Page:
20th April 2013
30th May 2013
30th June 2013
25th July 2013
5th October 2013
27th October 2013
15th February 2014
The Facebook posts have generated quite a bit of discussion about the origins and future of 'the ruin'. Some favour a late-sixteenth century date on stylistic grounds, but I think the use of brick here is unusual before the early seventeenth century; moreover Shropshire is somewhat behind the curve of building fashion. The building is not listed (although arguably it should be); as long as it retains its agricultural function it doesn't seem to be under any particular threat. It has lost a few tiles during the course of the year but hasn't significantly deteriorated as far as I can tell from the roadside, which is quite impressive given the stormy weather in the autumn and through the winter.
Providing the estate keeps the roof on, the main threat in the longer term would appear to be subsidence - from which, as is evident, the building has already suffered. The southern (left-hand) end of the building is rotating away from the rest of the structure, although so far the massive separate chimney stack seems to be stopping this movement to some extent. The two sturdy buttresses appear to be of mid-nineteenth century date, and have clearly worked in keeping the front wall upright; however soil wash down the slope has partly buried the ground floor.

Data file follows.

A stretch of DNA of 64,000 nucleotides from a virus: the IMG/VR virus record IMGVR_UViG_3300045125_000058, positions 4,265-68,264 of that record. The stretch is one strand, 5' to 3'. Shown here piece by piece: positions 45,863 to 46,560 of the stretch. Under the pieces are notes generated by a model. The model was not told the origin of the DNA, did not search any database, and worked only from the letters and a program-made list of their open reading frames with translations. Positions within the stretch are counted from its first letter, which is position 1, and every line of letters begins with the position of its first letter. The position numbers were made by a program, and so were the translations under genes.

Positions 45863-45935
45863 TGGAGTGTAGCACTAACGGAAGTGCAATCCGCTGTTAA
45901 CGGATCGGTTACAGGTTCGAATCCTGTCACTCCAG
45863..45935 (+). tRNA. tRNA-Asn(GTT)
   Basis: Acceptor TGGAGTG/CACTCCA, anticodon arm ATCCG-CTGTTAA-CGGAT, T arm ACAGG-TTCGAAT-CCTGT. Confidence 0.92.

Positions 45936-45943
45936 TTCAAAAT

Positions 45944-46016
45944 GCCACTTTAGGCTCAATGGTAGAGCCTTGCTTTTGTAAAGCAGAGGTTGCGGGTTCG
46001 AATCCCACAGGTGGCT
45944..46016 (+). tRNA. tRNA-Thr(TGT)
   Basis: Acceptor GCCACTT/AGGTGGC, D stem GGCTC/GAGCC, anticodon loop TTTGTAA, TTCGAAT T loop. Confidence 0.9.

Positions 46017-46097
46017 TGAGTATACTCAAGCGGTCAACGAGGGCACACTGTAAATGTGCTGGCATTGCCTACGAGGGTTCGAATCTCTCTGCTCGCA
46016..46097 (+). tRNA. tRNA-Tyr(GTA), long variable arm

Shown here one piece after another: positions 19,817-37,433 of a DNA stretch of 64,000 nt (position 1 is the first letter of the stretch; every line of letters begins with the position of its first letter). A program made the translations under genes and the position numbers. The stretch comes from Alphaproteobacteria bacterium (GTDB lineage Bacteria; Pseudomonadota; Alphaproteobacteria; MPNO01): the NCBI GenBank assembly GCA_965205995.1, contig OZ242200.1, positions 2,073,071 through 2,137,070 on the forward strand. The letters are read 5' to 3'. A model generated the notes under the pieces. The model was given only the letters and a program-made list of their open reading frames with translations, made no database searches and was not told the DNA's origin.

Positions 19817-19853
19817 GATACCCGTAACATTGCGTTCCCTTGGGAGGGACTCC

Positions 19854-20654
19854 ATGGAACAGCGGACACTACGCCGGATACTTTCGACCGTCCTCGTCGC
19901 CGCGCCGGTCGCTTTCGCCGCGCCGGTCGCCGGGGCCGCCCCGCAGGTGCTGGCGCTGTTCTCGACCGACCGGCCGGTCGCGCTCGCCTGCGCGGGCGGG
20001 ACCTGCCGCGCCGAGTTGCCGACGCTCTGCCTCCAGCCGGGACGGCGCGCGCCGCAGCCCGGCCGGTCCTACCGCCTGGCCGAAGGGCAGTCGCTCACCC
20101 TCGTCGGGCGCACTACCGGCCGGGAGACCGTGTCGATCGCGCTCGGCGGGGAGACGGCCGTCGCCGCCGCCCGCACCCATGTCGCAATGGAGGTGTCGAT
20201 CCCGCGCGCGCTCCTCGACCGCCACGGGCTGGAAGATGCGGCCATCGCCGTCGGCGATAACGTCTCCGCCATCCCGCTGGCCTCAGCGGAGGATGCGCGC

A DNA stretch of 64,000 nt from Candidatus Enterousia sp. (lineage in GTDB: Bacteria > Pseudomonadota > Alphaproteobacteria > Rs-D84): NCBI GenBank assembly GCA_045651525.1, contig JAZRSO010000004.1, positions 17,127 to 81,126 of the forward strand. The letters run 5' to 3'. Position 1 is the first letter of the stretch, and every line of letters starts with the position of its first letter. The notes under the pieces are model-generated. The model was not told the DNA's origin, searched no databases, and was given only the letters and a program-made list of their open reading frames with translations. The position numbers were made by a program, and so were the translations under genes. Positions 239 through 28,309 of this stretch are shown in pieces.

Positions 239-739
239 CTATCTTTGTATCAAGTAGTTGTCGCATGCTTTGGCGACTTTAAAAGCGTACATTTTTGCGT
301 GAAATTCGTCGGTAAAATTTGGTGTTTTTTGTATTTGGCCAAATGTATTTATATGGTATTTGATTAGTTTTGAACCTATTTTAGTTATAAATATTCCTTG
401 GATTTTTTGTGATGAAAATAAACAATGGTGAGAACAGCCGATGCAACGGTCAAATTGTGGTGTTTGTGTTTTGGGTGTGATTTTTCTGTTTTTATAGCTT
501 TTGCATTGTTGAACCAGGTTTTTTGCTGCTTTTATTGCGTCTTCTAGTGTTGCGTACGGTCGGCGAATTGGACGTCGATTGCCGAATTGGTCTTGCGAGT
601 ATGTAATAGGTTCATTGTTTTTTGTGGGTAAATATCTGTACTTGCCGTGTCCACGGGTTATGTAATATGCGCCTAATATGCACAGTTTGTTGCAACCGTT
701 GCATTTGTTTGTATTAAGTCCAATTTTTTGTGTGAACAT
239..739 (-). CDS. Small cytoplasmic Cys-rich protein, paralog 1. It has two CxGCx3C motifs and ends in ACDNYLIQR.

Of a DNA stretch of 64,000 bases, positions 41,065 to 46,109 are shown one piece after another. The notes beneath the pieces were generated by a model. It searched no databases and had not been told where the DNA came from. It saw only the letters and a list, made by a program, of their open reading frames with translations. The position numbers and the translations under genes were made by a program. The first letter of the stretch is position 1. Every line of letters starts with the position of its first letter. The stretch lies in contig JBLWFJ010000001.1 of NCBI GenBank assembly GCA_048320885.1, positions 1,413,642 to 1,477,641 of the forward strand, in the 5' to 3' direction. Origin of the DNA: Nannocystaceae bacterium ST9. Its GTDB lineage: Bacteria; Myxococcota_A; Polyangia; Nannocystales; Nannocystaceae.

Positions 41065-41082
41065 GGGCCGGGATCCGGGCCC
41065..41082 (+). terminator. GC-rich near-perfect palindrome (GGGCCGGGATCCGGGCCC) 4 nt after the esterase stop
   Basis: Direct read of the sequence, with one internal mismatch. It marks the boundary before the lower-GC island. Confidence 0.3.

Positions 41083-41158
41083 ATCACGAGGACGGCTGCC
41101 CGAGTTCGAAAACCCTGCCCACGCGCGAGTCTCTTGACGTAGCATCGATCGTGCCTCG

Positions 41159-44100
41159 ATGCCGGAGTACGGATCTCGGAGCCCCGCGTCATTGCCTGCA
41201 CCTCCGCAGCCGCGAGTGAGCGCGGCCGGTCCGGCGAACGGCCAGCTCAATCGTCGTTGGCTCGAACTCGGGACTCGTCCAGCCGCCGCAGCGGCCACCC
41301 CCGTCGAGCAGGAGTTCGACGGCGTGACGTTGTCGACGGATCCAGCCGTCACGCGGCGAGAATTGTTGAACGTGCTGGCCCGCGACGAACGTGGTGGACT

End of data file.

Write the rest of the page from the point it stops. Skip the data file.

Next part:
Of course as soon as a significant part of the roof is lost, or further subsidence provokes collapse of one or more elements of the structure, then deterioration will accelerate rapidly.
I shall miss 'the ruin', and indeed cycling around the Ironbridge Gorge generally.